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August 6, 2018


Professor Sheila Kennedy’s blog today identifies a group of some 200 wealthy people who are opposed to the Trump-Ryan $1.5 trillion tax cut for the rich passed and signed last December (along with a maximum corporate tax rate reduction from 35% to 21% and other breaks for pass-through corporations and other entities). This group of the wealthy talks of supporting candidates in bipartisan fashion, an end to tax giveaways to the rich and corporate class funded by deficit financing, and other reforms such as wage inequality and the like. Professor Kennedy asked for commentary, and here, slightly edited, was mine.

I am pleased to hear that there are some of the wealthy who are opposed to the plutocratic Trump-Ryan $1.5 trillion tax cut atrocity of last December (and, I presume, who would oppose Trump’s new plan to give an additional $100 billion more of your money and mine to the same people through regulatory tinkering with the basis of stock and other assets subject to capital gain treatment), but I have to admit, having been continuously burned by Republican tax treatment since Reagan, that I question the motivation of the good rich folks who talk of fair and equitable tax treatment of us proles and an end to deficit financing to further enrich the already rich. Perhaps I should welcome any move by anybody to even up tax treatment, but based on experience, I find that hard to do. Prejudiced? Perhaps – but if so, for good reason – experience.

Speaking of perhaps, perhaps some of the rich folks are motivated to oppose the rush act tax bill of last December (which was passed without a single Democratic vote or a single committee hearing) see what is happening just over the horizon – the sharp left turn of millennials who are, as I am, disgusted with the giant tax breaks to the rich and corporate class via deficit financing of their future and are ready to do something about it. Perhaps the seemingly good move of some of the rich Sheila describes is an attempt to cut such leftward movement off at the pass before it catches fire and cannot be thereafter contained as the millennials go even to the left of Bernie. Perhaps, in a word, these latter day do-gooders are trying to end the millennials’ flirtation with the dreaded world of socialism.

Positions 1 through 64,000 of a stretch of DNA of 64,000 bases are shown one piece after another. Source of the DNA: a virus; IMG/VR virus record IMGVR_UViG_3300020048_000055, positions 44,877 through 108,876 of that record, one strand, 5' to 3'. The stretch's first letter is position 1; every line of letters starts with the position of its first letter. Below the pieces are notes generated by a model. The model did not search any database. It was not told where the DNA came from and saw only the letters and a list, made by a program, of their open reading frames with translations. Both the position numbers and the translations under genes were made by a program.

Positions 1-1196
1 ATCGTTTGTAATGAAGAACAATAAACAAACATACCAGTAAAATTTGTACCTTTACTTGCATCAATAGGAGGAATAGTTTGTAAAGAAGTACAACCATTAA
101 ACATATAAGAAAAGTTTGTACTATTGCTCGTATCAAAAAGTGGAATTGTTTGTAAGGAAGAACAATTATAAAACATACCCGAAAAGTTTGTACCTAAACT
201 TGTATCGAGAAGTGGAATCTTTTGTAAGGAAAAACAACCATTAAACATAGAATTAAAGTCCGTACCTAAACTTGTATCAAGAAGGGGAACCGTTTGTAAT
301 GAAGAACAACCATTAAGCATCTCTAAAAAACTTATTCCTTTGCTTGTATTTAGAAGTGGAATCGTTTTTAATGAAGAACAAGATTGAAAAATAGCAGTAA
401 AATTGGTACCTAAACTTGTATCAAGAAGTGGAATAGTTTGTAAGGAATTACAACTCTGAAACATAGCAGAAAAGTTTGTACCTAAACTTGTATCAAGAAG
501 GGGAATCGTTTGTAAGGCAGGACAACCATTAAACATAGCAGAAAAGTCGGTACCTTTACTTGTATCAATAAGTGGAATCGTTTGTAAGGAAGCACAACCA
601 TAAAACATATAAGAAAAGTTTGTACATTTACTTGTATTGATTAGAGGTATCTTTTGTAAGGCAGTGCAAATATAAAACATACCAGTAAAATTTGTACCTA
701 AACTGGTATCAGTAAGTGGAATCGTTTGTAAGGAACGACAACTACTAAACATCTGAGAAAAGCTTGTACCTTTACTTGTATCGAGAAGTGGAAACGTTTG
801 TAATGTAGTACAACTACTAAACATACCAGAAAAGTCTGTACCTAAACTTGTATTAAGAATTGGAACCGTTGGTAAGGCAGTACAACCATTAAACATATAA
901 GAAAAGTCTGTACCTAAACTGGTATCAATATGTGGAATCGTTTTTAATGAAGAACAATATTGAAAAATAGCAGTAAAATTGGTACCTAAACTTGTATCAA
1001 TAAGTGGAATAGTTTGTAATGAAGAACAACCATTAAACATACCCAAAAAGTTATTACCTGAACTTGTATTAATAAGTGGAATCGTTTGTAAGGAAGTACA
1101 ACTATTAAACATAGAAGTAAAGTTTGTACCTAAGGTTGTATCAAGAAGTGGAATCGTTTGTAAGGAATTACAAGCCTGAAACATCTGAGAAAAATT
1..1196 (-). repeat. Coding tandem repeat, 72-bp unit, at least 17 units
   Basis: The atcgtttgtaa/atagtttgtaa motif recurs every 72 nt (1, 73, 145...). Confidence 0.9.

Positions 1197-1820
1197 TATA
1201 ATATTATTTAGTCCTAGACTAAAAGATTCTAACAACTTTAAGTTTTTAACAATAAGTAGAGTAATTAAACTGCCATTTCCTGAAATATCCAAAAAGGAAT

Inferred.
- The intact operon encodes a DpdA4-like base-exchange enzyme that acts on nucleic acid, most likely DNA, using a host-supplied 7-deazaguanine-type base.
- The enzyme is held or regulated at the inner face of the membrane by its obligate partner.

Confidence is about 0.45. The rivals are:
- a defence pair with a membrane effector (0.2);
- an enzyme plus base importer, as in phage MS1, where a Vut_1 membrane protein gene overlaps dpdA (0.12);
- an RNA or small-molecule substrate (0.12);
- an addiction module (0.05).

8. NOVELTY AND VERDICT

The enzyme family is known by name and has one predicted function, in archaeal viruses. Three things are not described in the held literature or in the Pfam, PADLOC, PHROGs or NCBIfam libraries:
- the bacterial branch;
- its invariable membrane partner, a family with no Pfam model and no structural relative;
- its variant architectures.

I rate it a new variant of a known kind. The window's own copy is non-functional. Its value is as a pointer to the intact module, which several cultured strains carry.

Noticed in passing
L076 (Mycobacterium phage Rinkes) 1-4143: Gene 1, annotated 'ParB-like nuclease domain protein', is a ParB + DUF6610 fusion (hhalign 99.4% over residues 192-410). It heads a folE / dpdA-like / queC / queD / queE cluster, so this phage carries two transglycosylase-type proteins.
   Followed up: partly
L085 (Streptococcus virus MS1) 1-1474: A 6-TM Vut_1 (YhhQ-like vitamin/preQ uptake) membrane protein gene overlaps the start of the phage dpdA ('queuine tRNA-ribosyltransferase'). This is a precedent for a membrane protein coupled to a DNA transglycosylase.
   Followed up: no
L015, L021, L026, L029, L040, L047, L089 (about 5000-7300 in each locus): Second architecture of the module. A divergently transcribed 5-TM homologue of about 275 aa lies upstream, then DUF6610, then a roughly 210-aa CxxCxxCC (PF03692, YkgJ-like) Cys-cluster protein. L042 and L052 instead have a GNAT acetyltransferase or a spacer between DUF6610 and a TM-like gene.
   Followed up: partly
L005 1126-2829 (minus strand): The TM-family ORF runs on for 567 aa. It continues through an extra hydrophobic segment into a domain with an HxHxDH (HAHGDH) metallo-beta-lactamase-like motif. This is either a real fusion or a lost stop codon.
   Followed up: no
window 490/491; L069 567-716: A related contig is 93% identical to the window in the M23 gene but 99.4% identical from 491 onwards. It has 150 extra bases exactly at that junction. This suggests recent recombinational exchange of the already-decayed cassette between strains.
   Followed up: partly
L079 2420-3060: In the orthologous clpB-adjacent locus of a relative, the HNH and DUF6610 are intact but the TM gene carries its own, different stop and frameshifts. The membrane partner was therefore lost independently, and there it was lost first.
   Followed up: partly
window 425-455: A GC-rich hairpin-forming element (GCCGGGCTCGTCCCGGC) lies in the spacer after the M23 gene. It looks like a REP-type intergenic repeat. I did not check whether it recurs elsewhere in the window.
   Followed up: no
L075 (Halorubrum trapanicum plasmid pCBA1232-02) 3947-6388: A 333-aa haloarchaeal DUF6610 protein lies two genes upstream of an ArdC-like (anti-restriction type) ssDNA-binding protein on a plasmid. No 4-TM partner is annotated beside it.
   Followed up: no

If so, it’s going to take more than making a “principled stand” against the giveaway tax treatment to the rich and corporate class by congressional lackeys and Trump; it’s going to take stands against wage inequality, third-world healthcare, third-world infrastructure, religion in government and the like. The millennials with four million new voters every election are our future, and their passion will not be sated with mere tax reform where the rich (finally) pay their just due. They want more from their government than serving the financial sector as ATMs – and justly so.

I hope I am wrong with such negative ideas and that all parties are acting in good faith and recognize the sea change coming if there is not serious reform not just in taxation but government in general, because as I often write, I am trying to save capitalism, if the capitalists will let me.     GERALD      E


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